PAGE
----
Can Sole Custody Be Reversed?

Yes, any legalized custody arrangement can be changed, though generally, you must show a change in circumstances to justify this change—a reason why it should be changed until you appeal it and a court reverses the original custody order. There are many reasons why you might win a custody modification case.

What Is Sole Custody?

Sole custody is when a parent retains sole physical custody of their child; their child lives with them full time, they may have visits (supervised or not) with the other parent, and the rights and needs of the child are determined by the parent retaining sole custody.

Sole custody generally refers to physical custody of the child, also called full custody. The parent that retains legal sole custody of the child makes all the major decisions regarding their life and does not need to consult the other parent—this can include decisions about education, medication and medical care, religion, moral development, and more. The other parent can make daily decisions over the child still, including decisions during visitation.

Is it Possible to Reverse a Sole Custody Ruling?

Yes, though the road ahead can be quite challenging. Thankfully, underdog stories are common in the American legal system, and there are many options to reverse a legal sole custody ruling. After a court has judged you unfit for custody, you must undergo this huge task. Reversing sole custody or gaining a parenting plan modification is not something you can accomplish alone—you will need the experience and knowledge of an excellent professional family lawyer.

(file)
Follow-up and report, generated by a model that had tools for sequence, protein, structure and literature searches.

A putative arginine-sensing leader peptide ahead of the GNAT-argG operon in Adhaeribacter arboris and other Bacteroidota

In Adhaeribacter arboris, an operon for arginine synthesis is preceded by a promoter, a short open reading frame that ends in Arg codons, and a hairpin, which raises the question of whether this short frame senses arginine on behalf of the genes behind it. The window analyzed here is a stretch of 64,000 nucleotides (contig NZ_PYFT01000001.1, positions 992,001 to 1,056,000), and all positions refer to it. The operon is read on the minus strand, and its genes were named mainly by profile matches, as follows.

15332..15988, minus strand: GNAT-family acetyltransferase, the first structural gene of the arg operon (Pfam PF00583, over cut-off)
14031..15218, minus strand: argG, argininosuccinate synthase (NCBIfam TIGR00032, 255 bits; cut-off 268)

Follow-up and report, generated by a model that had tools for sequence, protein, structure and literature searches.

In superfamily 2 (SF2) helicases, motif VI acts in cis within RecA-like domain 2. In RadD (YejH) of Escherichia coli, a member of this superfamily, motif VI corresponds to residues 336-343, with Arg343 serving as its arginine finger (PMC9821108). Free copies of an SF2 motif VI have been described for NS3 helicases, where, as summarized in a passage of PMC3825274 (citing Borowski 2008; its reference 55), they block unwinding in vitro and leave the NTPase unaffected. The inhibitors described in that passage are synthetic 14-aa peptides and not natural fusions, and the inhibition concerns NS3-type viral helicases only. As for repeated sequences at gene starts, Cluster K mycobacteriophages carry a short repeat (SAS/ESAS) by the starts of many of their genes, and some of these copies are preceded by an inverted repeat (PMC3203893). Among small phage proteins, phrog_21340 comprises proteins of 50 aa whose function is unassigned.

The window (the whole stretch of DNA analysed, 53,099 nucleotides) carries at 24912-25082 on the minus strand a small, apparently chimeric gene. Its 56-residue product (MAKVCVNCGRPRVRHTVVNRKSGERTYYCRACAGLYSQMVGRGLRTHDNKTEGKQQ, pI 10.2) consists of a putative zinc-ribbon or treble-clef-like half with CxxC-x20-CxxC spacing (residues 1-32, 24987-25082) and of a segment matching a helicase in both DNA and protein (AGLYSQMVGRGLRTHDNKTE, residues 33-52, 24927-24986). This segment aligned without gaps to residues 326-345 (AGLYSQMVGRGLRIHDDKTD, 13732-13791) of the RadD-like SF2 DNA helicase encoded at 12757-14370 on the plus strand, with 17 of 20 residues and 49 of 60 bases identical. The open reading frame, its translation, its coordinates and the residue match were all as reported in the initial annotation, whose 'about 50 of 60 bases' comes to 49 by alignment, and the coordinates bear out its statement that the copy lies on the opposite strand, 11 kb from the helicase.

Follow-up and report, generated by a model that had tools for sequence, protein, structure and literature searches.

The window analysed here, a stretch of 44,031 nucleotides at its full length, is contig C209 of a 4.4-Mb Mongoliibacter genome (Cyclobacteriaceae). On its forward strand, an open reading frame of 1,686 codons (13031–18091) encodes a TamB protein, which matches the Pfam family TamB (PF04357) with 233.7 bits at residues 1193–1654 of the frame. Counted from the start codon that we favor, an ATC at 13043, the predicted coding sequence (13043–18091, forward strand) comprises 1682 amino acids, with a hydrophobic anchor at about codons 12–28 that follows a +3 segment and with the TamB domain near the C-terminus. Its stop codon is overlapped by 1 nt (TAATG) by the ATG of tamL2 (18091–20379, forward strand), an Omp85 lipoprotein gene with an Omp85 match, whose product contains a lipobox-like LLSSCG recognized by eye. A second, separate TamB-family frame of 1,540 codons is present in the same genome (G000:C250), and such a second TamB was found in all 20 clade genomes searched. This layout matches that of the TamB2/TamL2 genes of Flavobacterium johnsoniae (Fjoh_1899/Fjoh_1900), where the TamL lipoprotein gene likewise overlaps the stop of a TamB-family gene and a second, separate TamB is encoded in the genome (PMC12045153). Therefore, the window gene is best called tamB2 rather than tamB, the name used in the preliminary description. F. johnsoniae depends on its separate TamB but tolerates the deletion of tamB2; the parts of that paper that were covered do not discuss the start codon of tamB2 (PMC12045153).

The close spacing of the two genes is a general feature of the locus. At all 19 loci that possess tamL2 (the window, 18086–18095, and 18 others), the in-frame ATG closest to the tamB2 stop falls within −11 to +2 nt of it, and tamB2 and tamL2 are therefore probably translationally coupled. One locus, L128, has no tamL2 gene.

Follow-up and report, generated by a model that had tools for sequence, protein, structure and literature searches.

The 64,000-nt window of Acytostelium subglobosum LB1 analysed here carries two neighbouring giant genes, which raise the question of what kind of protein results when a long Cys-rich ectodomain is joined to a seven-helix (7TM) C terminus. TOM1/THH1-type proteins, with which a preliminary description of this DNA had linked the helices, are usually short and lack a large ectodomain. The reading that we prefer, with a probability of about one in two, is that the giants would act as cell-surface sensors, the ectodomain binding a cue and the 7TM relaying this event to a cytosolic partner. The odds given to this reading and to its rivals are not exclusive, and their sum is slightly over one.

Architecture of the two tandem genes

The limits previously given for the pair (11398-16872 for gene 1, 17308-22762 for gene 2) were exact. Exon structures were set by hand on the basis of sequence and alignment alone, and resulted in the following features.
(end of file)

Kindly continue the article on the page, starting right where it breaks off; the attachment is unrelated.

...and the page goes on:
5 Reasons a Judge Will Change a Child Custody Order

1. Physical Relocation

After the custodial parent moves, the noncustodial parent can ask the court to modify the original custody order. While moving isn’t considered a substantial reason to change a custody ruling on its face, there are factors that can influence the decision. While this petition may not succeed, the court will factor the relocation into their decision-making.

The court may consider a move or relocation as a valid reason to modify the existing custody arrangement if:

  • The move places too great a physical or financial burden on the noncustodial parent.
  • The relocation has a significant effect on the child, whether positive or negative.

In some situations, the court might limit the custodial parent’s ability to move depending on the original agreed-upon order. Some custodial agreements might say that the custodial parent must provide notice a set amount of time before the move, or limit the miles that the custodial parent can move away from the noncustodial parent.

2. One Parent Refuses to Follow the Custody Terms

The original custody order is based on the agreements made while drafting it—either through mutual agreement, or the decision of a judge. If the other parent no longer holds to the terms, you have a problem. Maybe they’re not returning the child home at the agreed-upon time every week, or they’re taking extended road trips, or violating the custody terms in an educational or religious manner that is outlined in the custody agreement.

If this happens, you may file a petition to modify the existing child custody order. You need to provide notice to the other parent, and present sufficient evidence to the court that demonstrates the violations you have seen, all of which should be major changes to the circumstances of the order or deeply affect the child’s overall welfare. Outside of filing a custody modification, you may ask the other parent to be held in contempt of court for not following the legal agreement.